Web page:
SAN ANTONIO, Texas – The U.S. Army Institute of Surgical Research (ISR) has announced the release of a capstone publication in the Journal of Trauma and Acute Care Surgery that summarizes key medical advances from the U.S. military’s war-time experience over the last 10 years. The publication, which is comprised of three articles, describes military medical revolutions in three key areas of military trauma medicine: pre-hospital care, deployed hospital care, and trauma systems and restorative medicine.
As a subordinate command of the U.S. Army Medical Research and Materiel Command at Fort Detrick, Md., the ISR strives to be the nation’s premier joint research organization planning and executing registry-based and translational research providing innovative solutions for burn, trauma, and combat casualty care from the point of injury through rehabilitation.
“The goals of this publication are twofold: to document the landmark medical advances from this war and the gaps along the continuum of combat casualty care from a historical perspective so that in the future, medical personnel can bridge these gaps and save lives,” said senior editor of the publication and former ISR Commander, Col. (Dr.) Lorne H. Blackbourne. “Documenting the revolutionary advances from these wars can also help with the translation of military advances to civilian trauma care so that all Americans can benefit in addition to our wounded warriors.”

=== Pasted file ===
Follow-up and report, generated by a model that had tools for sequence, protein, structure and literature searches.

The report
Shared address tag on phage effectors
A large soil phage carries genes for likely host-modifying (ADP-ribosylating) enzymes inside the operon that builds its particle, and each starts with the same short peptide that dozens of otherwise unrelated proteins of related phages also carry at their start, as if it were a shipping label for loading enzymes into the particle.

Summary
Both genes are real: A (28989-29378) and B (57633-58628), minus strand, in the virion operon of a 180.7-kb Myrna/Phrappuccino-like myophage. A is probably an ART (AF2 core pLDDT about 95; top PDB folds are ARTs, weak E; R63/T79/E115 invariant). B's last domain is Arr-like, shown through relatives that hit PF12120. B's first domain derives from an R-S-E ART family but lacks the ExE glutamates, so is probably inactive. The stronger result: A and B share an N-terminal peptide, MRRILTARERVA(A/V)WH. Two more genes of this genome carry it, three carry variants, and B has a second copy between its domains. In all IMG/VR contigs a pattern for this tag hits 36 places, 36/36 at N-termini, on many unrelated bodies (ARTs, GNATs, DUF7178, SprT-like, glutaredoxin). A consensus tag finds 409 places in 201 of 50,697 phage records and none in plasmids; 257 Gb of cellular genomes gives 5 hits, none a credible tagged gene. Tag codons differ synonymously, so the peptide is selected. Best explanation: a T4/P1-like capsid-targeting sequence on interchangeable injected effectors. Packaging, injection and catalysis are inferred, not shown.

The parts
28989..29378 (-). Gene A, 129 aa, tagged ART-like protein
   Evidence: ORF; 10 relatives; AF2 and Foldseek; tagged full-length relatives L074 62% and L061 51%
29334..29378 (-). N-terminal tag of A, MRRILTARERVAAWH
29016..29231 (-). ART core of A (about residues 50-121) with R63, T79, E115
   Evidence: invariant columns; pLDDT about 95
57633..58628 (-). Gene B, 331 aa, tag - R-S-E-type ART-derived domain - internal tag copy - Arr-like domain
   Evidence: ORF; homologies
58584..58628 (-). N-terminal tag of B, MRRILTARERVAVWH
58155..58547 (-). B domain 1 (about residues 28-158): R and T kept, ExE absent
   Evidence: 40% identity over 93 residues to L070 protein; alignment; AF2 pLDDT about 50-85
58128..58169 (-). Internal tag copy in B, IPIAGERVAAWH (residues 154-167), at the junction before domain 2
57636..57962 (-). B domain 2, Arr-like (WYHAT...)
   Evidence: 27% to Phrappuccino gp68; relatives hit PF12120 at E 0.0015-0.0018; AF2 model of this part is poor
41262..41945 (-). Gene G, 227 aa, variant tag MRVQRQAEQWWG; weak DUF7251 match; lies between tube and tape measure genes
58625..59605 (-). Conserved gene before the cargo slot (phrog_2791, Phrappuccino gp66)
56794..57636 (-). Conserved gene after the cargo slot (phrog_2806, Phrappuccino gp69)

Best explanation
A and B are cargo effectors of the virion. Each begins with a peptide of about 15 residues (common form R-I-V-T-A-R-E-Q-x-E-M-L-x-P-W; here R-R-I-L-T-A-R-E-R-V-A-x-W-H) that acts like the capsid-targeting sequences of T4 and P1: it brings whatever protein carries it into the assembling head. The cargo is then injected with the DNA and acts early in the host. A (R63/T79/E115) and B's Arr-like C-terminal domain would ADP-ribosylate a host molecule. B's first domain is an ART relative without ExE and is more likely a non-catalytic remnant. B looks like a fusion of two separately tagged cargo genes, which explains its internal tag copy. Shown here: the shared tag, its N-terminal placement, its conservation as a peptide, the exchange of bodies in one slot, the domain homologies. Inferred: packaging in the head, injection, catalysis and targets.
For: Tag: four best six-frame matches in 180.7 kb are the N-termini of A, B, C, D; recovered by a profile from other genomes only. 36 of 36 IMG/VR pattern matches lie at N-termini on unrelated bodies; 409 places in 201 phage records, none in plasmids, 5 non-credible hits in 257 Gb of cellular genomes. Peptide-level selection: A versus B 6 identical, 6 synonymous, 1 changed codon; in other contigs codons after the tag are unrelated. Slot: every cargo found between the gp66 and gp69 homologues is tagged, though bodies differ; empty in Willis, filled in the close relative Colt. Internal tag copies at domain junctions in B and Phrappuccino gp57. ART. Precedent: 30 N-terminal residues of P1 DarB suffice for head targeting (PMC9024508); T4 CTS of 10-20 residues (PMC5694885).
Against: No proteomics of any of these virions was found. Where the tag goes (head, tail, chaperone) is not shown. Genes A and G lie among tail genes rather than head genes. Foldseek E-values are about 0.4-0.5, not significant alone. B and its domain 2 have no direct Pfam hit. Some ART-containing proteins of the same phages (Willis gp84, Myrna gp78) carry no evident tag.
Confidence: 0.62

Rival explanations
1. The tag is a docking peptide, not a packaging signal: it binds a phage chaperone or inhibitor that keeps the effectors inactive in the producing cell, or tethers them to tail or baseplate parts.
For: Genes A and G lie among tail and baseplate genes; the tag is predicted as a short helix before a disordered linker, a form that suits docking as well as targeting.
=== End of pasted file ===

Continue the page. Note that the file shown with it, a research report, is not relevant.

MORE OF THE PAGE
Director of ISR Combat Casualty Care Research Directorate David G. Baer, Ph.D added, “This publication documents the extraordinary progress in saving lives on the battlefield that combat casualty care research has affected during the last decade.”
To ensure the widest distribution possible, the Journal of Trauma and Acute Care Surgery has made these three articles available on an open-access basis at http://journals.lww.com/jtrauma/toc/2012/12005.
These articles are based on focused reviews of tactical combat casualty care as well as analyses of peer-reviewed combat trauma literature, burn care, coagulation monitoring, causes of death on the battlefield, amputations, blood product use, head and neck injuries, trauma training programs, innovations in treatment for pain, and moderate to severe brain injury.
“The best way to optimize and direct research and trauma system efforts for the greatest good is to review evidence-based information on the burden of injury and capability gaps extrapolated from outcome data. The articles in this publication provide the data to help guide all future efforts in these areas,” said Blackbourne, who also serves as the current director of the U.S. Army Trauma Training Center in Miami, Fla.
Together, these articles document extraordinary progress in saving lives on the battlefield and highlight areas for continued innovation.
“We’re dedicated to optimizing combat casualty care,” said ISR Commander, Col. (Dr.) Michael A. Weber. “The research that we are conducting at this institute is saving lives—on and off the battlefield.”